And being in that market, you cannot afford to lose a customer. You need to have all your stakeholders in order to survive in the marketplace. So Lithuania, Norway, Denmark, etc. they are very much focused on keeping their customers and then other European countries and including China. You see, they are also very much stakeholder oriented here. They want to balance the different requirements for the different stakeholder groups. A question that always pops up is why Sweden here, Norway, they're the answer is very simple.
If we look into the sample of Swedish companies, we've only seen very large stock oriented companies. That's maybe that's something that's Volvo. That is our pack. And they are run like a typical American company. All we do is to maximize stockholder value. So that doesn't come as a surprise. Norway, on the other hand, if you look at that sample, they're very small companies with with the exception of one big oil company. We have only small companies in there, many in the fishery industry.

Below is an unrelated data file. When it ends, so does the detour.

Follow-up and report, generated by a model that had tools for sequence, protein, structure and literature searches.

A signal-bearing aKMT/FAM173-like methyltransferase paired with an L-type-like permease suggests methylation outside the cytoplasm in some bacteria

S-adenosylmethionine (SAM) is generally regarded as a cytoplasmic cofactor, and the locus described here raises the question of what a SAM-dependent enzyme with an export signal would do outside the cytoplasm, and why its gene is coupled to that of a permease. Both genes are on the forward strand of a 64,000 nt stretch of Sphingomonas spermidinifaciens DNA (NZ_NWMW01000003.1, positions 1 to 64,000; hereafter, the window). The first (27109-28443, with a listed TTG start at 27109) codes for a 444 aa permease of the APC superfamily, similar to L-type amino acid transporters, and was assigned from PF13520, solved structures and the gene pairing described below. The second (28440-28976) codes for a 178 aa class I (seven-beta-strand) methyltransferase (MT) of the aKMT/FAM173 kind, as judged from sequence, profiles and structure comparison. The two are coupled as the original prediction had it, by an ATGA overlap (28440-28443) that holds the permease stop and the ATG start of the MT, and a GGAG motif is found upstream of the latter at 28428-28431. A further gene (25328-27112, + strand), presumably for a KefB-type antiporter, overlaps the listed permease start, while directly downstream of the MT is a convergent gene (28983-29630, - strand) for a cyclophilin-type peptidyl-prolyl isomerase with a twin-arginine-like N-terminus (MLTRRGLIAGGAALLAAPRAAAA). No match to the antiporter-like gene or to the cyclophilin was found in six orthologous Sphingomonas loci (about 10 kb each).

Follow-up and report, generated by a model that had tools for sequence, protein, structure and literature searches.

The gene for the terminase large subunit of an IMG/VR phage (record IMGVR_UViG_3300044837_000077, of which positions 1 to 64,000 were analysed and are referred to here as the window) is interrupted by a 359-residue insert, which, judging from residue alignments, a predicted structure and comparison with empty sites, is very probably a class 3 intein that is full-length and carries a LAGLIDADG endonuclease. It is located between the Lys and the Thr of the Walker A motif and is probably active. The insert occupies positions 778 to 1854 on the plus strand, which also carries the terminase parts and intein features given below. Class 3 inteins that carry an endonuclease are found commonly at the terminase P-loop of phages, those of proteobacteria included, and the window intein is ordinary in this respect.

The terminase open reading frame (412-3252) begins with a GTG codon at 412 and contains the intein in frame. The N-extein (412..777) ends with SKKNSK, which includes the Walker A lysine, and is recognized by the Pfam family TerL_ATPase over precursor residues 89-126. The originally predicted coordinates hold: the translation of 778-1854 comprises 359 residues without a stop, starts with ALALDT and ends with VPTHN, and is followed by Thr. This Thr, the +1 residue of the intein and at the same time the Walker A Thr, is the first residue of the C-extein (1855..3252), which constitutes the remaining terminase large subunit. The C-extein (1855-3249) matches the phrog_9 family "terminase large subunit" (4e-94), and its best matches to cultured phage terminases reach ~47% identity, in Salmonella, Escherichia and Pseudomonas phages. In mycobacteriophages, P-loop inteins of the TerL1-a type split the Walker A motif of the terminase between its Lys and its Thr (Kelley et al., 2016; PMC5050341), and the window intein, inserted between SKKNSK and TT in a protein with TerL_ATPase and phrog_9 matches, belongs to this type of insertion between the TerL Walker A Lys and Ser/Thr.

Yeah. And in related industries to make sure that fish don't don't get sick. You know, all these kind of things are relatively small companies who have the desire to keep their customers Denmark very process oriented. Yeah, I worked nine years in Denmark and I can only support that coming from a German organization, entering a Danish organization. They dumped on me the first week all kinds of processes that I could think of and the other in my life, you know.
Twenty years I worked before had seen so many processes like that. When I started, I had to take this company. So whether or not the Danes follow these processes, but they have them in place, they have the goods. When you look at the same paradigms from a project size perspective, we see that small part, up to half a million euros out of control, stakeholder oriented. And then there's almost a straight line that goes with the size of the project.
The bigger the project, the more we get down the shareholder orientation, media control and look at those those big those large investment projects like airports, etc., clear shareholder orientation have be. We must make sure that we spend the taxpayers' money wisely and therefore the very clear processes on the people and the suppliers. So we start over here with these types of men. We have the same thing this time with the types of projects. So we we see it in telecom products, very much shareholder oriented behavior control, engineering and construction project more outcome control because they are typically more skynyrd's that you can referred to.